A white plastic basket sits on the ground in the aisle a barn. The basket has two rectangular compartments and a handle running along the divider between them. Its compartments are filled with various brightly-colored brushes and tools used to groom horses. The floor of the barn aisle is covered with rather dirty rubber mats. Shade and morning sunlight streak the ground. Under a board fence in the background are the plants and dirt of a paddock.
Donkey Devos, God, Life

Waiting for Perfection

If you could see my donkeys right now, you might wonder what’s happened to their hair.

In some places it lies as thick and soft as it did all winter. But in others it grows close and glossy. And scattered over all are tuffs of fluff that come off in your fingers.

It’s that time again: donkey shedding season. The time when donkeys slough their woolly winter coats to sport sleek summer ones. The time when their owners expend sweat, muscle, and brush bristles helping the slow, itchy process along.

Christ-followers go through their own spiritual “shedding season” that’s no less maddening or arduous. Sometimes called “sanctification”, it’s the process of shedding attitudes, habits, character traits, and thought patterns that are less than God-honoring and replacing them with Christlike holiness.

And it lasts even longer—from the moment we accept Jesus as our Lord and Savior to the moment we meet Him face to face in eternity. At the moment we accept Jesus, our access to God and our eternal destiny are instantly sealed. But the journey to becoming Christlike is just that—a journey. And while the Holy Spirit powers and guides the transformation, He calls us to cooperate with and invest in the process.

Reading this, you might wonder: If God wants our sanctification so badly, why doesn’t He just skim off our old selves and slip on the new in an instant? Why make us endure the wait?

I don’t claim to have God’s answer. And I don’t always enjoy the process any more than the next person does.

But I have learned this: Waiting presents invaluable opportunities. Ones with eternal ramifications.

Specifically, the wait for perfection offers us the chance to:

Bond with God

Shedding season is a great time for me and my donkeys to bond. While my donkeys enjoy attention year-round, they especially relish it during shedding season. All that loosening hair must itch, boosting the value of brushes and scratches.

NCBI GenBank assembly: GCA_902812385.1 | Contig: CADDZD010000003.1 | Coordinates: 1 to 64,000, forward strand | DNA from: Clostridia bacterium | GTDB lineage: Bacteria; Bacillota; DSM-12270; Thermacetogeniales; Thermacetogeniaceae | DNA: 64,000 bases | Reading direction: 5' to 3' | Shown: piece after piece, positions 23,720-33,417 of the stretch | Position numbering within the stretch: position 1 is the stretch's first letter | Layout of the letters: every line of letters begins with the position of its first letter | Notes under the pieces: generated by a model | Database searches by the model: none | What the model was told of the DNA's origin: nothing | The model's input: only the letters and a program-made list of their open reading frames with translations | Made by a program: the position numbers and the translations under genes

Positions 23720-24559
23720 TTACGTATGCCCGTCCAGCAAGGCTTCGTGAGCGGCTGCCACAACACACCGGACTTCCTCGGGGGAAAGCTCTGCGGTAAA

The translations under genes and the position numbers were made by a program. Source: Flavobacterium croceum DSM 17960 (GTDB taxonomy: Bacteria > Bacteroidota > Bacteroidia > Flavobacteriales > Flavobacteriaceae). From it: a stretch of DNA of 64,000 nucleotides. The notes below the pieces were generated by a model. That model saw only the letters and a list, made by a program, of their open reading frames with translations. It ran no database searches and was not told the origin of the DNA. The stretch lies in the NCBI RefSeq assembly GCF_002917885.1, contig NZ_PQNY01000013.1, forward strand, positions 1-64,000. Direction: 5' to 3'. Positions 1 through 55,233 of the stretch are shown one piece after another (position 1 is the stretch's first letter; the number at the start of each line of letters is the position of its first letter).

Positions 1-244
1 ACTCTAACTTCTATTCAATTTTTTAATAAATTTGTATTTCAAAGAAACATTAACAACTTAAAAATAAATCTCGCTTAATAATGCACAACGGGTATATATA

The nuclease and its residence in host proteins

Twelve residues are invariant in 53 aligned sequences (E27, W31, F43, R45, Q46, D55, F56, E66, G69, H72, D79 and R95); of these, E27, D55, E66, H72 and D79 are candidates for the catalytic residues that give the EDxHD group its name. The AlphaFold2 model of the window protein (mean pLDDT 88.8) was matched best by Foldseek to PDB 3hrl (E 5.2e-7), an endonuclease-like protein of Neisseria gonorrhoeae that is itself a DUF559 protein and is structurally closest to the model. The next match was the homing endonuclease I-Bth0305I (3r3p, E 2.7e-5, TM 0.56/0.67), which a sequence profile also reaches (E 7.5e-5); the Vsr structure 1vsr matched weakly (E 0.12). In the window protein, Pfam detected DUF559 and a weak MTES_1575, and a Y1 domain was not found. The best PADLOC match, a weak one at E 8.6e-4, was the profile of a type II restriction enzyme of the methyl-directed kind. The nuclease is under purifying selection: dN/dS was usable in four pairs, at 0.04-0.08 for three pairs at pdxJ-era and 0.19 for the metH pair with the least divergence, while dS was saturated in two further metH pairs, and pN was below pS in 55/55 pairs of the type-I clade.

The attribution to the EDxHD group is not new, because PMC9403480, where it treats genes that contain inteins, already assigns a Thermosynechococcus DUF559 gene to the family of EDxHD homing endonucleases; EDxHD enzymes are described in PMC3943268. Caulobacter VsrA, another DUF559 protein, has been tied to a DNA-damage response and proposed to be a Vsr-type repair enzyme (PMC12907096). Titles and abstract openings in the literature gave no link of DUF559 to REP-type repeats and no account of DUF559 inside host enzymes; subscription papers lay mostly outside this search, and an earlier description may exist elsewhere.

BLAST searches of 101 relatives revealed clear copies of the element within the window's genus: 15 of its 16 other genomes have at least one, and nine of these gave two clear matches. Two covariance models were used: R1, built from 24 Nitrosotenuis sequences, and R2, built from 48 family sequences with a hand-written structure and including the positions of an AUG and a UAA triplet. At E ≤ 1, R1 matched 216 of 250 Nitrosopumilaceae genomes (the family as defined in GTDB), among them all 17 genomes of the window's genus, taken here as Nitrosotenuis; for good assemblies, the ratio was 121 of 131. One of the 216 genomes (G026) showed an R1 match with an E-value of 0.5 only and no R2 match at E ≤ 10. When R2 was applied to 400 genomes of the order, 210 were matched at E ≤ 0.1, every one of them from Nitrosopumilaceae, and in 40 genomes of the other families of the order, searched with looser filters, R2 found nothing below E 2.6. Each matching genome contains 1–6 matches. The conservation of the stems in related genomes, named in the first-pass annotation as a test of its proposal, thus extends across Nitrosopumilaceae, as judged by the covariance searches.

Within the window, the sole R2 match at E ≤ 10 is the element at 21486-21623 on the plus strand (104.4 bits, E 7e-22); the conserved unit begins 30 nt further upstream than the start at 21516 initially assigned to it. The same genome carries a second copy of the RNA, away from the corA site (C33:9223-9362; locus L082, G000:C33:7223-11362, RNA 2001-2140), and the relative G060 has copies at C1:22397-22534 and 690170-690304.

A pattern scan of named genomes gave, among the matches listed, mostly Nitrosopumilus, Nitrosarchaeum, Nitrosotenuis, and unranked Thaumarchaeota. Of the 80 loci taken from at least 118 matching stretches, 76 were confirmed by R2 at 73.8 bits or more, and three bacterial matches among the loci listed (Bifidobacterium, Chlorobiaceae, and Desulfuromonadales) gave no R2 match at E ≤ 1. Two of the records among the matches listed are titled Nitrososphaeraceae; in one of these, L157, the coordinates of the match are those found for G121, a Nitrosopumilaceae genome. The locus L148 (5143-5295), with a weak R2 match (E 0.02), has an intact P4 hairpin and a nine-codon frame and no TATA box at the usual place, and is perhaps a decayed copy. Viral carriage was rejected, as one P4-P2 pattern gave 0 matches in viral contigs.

All that grooming builds rapport. My donkeys become more familiar with my touch, voice, and movements. They learn how to show me how they’re feeling and where they need attention. They learn they can trust me with every part of them. And when the shedding’s finally done, that communication and trust carry over to other seasons and activities.

In the Bible, we see over and over that God values relationship more than fast results. He postponed giving His people their promised land in order to develop their sorely lacking trust in Him first. He chastised kings who traded morality for security and quick fixes. He appointed cowards, doubters, and hotheads—people He knew would fail Him as often as they’d obey—as His prophets and apostles. He spent over thirty years on this earth before going to the cross.

And long ago, in the beginning, He created humanity while knowing He’d need that cross.

It’s no surprise then that He chooses to work from the cross in the same way He worked up to it: with time.

In that time, we get to learn things about Him we’d never fully grasp otherwise. We get to see sides of Him we’d otherwise never get to see firsthand. And the result is a relationship of unparalleled depth and substance.

Sure, maybe He could somehow stuff all that knowledge into our heads the moment we commit our lives to Christ. But head knowledge and experience are two different things.

It’s one thing to know that God is patient, and another to experience His forgiveness after our seventy-seventh failure in His service. It’s one thing to know He’s faithful, and another to witness His goodness in our darkest moments.

And it’s one thing to know He redeems the lost—and another to know He redeems those who still struggle to get it right even after coming into the fold.

Join in God’s work

It would save me a lot of trouble if, one fine day each spring, a mighty wind blew through the pasture and took all my donkeys’ winter hair with it.